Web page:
Habana Labs unveils its AI processor plans  
Thursday, November 15, 2018 at 11:44AM
Roy Rubenstein in AI processor, Eitan Medina, Google, Intel, Karl Freund, Linley Gwennap, Microsoft, Nvidia, OpenAI, artificial intelligence, inference processor, training processor

Start-up Habana Labs has developed a chip architecture that promises to speed up the execution of machine-learning tasks. 

The Israeli start-up came out of secrecy in September to announce two artificial intelligence (AI) processor chips. One, dubbed Gaudi, is designed to tackle the training of large-scale neural networks. The chip will be available in 2019. 

Eitan MedinaGoya, the start-up’s second device, is an inference processor that implements the optimised, trained neural network.

The Goya chip is already in prospective customers’ labs undergoing evaluation, says Eitan Medina, Habana’s chief business officer.

Habana has just raised $75 million in a second round of funding, led by Intel Capital. Overall, the start-up has raised a total of $120 million in funding. 

 

Deep learning

Deep learning in a key approach used to perform machine learning. To perform deep learning, use is made of an artificial neural network with many hidden layers. A hidden layer is a layer of nodes found between the neural network’s input and output layers. 

To benefit from deep learning, the neural network must first be trained with representative data. This is an iterative and computationally-demanding process. 

 

The computing resources used to train the largest AI jobs has been doubled every 3.5 months since 2012 

 

Once trained, a neural network is ready to analyse data. Common examples where trained neural networks are used include image classification and for autonomous vehicles. 

 

Source: Habana Labs

Two types of silicon are used for deep learning: general-purpose server CPUs such as from Intel and graphics processing units (GPUs) from the likes of Nvidia. 

Most of the growth has been in the training of neural networks and this is where Nvidia has done very well. Nvidia has a run rate close to $3 billion just building chips to do the training of neural networks, says Karl Freund, senior analyst, HPC and deep learning at Moor Insights & Strategy. “They own that market.”

Now custom AI processors are emerging from companies such as Habana that are looking to take business from Nvidia and exploit the emerging market for inference chips. 

“Use of neural networks outside of the Super Seven [hyperscalers] is still a nascent market but it could be potentially a $20 billion market in the next 10 years,” says Freund. “Unlike in training where you have a very strong incumbent, in inference - which could be a potentially larger market - there is no incumbent.”  

This is where many new chip entrants are focussed. After all, it is a lot easier to go after an emerging market than to displace a strong competitor such as Nvidia, says Freund, who adds that Nvidia has its own inference hardware but it is suited to solving really difficult problems such as autonomous vehicles.  

“For any new processor architecture to have any justification, it needs to be significantly better than previous ones,” says Medina. 

Habana cites the ResNet-50 image classification algorithm to highlight its silicon’s merits. ResNet-50 refers to a 50-layer neural network that makes use of a technique called residual learning that improves the efficacy of image classification.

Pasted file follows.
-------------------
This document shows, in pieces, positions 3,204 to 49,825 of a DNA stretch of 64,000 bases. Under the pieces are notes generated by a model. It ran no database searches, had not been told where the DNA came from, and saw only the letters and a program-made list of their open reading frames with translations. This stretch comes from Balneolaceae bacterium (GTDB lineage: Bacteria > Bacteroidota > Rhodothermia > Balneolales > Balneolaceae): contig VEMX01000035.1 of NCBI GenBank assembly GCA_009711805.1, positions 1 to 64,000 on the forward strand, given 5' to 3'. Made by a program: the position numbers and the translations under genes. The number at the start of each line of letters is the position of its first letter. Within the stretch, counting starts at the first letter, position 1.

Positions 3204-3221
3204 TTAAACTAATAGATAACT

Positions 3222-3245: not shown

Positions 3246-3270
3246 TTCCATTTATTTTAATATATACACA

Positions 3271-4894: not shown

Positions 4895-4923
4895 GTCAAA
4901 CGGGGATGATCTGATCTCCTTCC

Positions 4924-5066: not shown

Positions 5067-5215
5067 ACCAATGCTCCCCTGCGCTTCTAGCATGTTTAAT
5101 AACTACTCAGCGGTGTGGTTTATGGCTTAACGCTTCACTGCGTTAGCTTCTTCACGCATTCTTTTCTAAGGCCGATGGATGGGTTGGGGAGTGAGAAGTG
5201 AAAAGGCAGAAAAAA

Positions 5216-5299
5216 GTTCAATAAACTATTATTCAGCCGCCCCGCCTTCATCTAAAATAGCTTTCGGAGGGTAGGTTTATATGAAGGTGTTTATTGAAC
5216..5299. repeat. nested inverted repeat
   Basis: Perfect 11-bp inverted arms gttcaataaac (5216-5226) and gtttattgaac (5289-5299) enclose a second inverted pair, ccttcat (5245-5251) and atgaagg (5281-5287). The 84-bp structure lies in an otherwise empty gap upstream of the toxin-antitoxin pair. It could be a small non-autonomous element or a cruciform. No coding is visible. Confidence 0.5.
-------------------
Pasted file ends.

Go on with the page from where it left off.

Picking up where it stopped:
Habana’s Goya HL-1000 processor can classify 15,000 images-per-second using ResNet-50 while Nvidia’s V100 GPU classifies 2,657and Intel’s dual-socket Platinum 8180 CPU achieves 1225 images-per-second.

“What we have architected is fundamentally better than CPUs and GPUs in terms of processing performance and the processing-power factor,” says Medina.

“Habana appears to be one of the first start-ups to bring an AI accelerator to the market, that is, to actually deliver a product for sale,” says Linley Gwennap, president and principal analyst of The Linley Group. 

Both Habana and start-up Graphcore expect to have final products for sale this year, he says, while Wave Computing, another start-up, expects to enter production early next year. 

“It is also impressive that Habana is reporting 5-6x better performance than Nvidia, whereas Graphcore’s lead is less than 2x,” says Gwennap. “Graphcore focuses on training, however, whereas the Goya chip is for inference.”

 

Habana appears to be one of the first start-ups to bring an AI accelerator to the market


Gaudi training processor

Habana’s Gaudi chip is a neural-network training processor. Once trained, the neural network is optimised and loaded into the inference chip such as Habana’s Goya to implement what has been learnt.

“The process of getting to a trained model involves a very different compute, scale-out and power-envelopment environment to that of inference,” says Medina.  

To put this in perspective, the computing resources used to train the largest AI jobs has been doubled every 3.5 months since 2012. The finding, from AI research company OpenAI, means that the computing power being employed now has grown by over one million times since 2012.  

Habana remains secretive about the details of its chips. It has said that the 16nm CMOS Gaudi chip can scale to thousands of units and that each device will have 2 terabits of input-output (I/O). This contrasts with GPUs used for training that do have scaling issues, it says.

First, GPUs are expensive and power-hungry devices. The data set used for training such as for image classification needs to be split across the GPUs. If the number of images - the batch size - given to each one is too large, the training model may not converge. If the model doesn't converge, the neural network will not learn to do its job.